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It All Depends on Whom You Ask: How Nonprofits Did at the End of 2005 (January Question of the Month Results)


  • "United Way Donations on Track to Beat Goal" (Wisconsin State Journal, Jan. 1, 2006)
  • "Food Pantries Report Shortages" (Wisconsin State Journal, Jan. 3, 2006)
  • "Plea Issued for Donations for Poor, Needy, Homeless" (Herald-Sun, Jan. 5, 2006)
  • "Remarkable Generosity" (Press & Sun-Bulletin, Jan. 8, 2006)
  • "Butler Library Fund-Raising Falls Short in '05" (Pittsburgh Post-Gazette, Jan. 8, 2006)
  • "Despite Predictions, Charitable Donors Just Keep Giving" (Washington Post, Jan. 9, 2006)
  • "Surpassing UAC Fund Goal Makes Life a Little Brighter" (News & Record, Jan. 13, 2006)

Confusing, isn't it? Is it any wonder that we keep asking you (to quote Joey Tribbani from the NBC sitcoms Friends and Joey), "How ya doin'?" Or, as we phrased it in the January Question of the Month, "Did your organization experience the 'Katrina effect' during the last three months of 2005?"

A little over half of the respondents—52 percent—replied, "Yes." Another 42 percent said, "No," and 6 percent weren't sure. Of the participants who reported an impact, the greatest proportion said that contributions to their organizations had decreased:

Contributions decreased compared to October-December 2004 69%
Demand increased compared to October-December 2004 22%
Contributions increased compared to October-December 2004 17%
Other 14%
Demand decreased compared to October-December 2004 3%

(Respondents could select more than one answer)

Participants' comments showed similar variety. "Contributions that were usually undesignated were ... tied up in disaster relief and we struggled to meet the needs for day-to-day social services," wrote Yvonne D. Warthen of the Salvation Army Pensacola Corps. Joy Nadel noted that Rescue Me Incorporated, an animal rescue nonprofit, "really suffered the effects in the form of lack of donations." Julie Dugan reported that company sponsorships for the Dugan Foundation decreased.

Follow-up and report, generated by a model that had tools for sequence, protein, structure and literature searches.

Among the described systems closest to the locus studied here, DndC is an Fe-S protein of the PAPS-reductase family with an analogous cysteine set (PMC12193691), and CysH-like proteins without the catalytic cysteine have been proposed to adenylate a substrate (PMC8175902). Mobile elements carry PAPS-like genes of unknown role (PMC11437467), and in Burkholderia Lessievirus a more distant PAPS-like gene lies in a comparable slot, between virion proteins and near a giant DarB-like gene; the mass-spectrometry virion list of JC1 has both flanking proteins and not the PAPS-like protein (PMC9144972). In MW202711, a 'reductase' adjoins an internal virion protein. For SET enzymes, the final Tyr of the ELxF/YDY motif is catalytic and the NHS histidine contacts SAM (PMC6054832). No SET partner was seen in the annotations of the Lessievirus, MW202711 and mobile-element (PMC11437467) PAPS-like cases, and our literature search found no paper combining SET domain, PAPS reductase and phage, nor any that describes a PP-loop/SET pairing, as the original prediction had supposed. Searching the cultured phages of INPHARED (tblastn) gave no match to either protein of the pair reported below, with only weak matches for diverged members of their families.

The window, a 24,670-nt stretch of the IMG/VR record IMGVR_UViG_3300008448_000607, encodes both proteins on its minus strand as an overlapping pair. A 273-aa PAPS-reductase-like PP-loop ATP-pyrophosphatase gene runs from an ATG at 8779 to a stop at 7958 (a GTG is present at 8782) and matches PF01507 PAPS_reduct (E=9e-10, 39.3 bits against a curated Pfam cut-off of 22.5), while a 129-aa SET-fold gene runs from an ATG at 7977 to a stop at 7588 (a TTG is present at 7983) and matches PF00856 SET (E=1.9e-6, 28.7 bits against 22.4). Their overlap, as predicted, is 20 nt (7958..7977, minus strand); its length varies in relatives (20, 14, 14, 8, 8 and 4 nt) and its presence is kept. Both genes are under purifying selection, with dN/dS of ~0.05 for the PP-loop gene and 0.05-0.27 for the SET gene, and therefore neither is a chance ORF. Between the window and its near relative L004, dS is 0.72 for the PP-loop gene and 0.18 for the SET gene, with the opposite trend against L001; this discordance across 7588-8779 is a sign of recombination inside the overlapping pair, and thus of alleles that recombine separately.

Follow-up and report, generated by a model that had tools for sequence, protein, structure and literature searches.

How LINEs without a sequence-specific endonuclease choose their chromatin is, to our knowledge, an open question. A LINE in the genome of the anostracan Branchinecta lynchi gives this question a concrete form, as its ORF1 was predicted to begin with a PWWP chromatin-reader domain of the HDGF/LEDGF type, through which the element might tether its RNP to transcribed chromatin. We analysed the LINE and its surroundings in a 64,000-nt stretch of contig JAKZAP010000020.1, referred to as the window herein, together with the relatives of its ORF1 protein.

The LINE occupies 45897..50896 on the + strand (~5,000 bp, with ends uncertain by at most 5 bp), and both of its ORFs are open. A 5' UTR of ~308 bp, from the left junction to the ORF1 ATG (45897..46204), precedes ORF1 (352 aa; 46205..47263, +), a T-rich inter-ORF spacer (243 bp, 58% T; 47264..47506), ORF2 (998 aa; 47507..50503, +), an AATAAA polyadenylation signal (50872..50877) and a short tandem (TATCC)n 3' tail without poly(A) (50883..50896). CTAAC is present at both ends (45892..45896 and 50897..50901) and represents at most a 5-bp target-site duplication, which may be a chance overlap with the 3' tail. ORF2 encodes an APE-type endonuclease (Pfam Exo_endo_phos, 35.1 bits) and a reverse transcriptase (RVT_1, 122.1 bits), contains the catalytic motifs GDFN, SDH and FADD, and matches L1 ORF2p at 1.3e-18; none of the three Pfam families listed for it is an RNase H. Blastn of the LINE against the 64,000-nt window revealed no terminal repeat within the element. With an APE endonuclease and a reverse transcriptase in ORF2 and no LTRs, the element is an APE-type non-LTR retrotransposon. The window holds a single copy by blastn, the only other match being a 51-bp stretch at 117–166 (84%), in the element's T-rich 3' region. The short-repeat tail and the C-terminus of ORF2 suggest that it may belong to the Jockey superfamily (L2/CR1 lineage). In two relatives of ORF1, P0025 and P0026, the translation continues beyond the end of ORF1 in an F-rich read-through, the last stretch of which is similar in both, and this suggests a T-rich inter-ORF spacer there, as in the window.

On the other hand, the Legal Aid Society of Middle Tennessee "exceeded our fundraising goal for the year by 12%." Maggie Thompson explained, "We have very loyal donors. Only 4 or 5 donors told us they cut back on their gift to our organization because of Katrina."

Ron Clark speculated that legislation adopted after Hurricane Katrina accounted for some of the growth in contributions to Kemmerer Village: "Since our 6 month giving is now up 18% from 2004, after a two year pattern of declining giving, I have to attribute at least part of the 18% to the Katrina Recovery Act."

Opera Pacific also saw an upsurge at the end of 2005. Jerold D. Kappel suggested that the organization's location and mission may have helped produce that outcome: "The last three months of 2005 were the most successful fundraising effort ever by Opera Pacific. I don't think Southern California was as affected by Katrina as places east of the Rockies, especially in arts and/or education funding. Perhaps those that raise funds for social service organizations had missed goals, but this organization did not."

What can we make of these results? It seems obvious, but it's worth saying nonetheless: as is so often true of the nonprofit sector, there is no definitive answer. Last year's disaster-relief efforts affected the organizations that make up the sector to different degrees and in different ways. Many nonprofits suffered financially; a nearly equally number experienced little or no impact.

Maybe the news reports are right on the money—it just depends on whom they asked. And perhaps we've all been asking the wrong questions. As Keith Davidson of Seedline International observed, "Katrina is a tragedy. However, it has given non-profits a chance to perform our work at peak levels."

Maybe that is the true bottom line of the momentous events of 2005.

Suzanne E. Coffman, February 2006
© 2006, Philanthropic Research, Inc. (GuideStar)

Suzanne Coffman is GuideStar's director of communications and editor of the Newsletter.
Topics: Nonprofit Leadership and Practice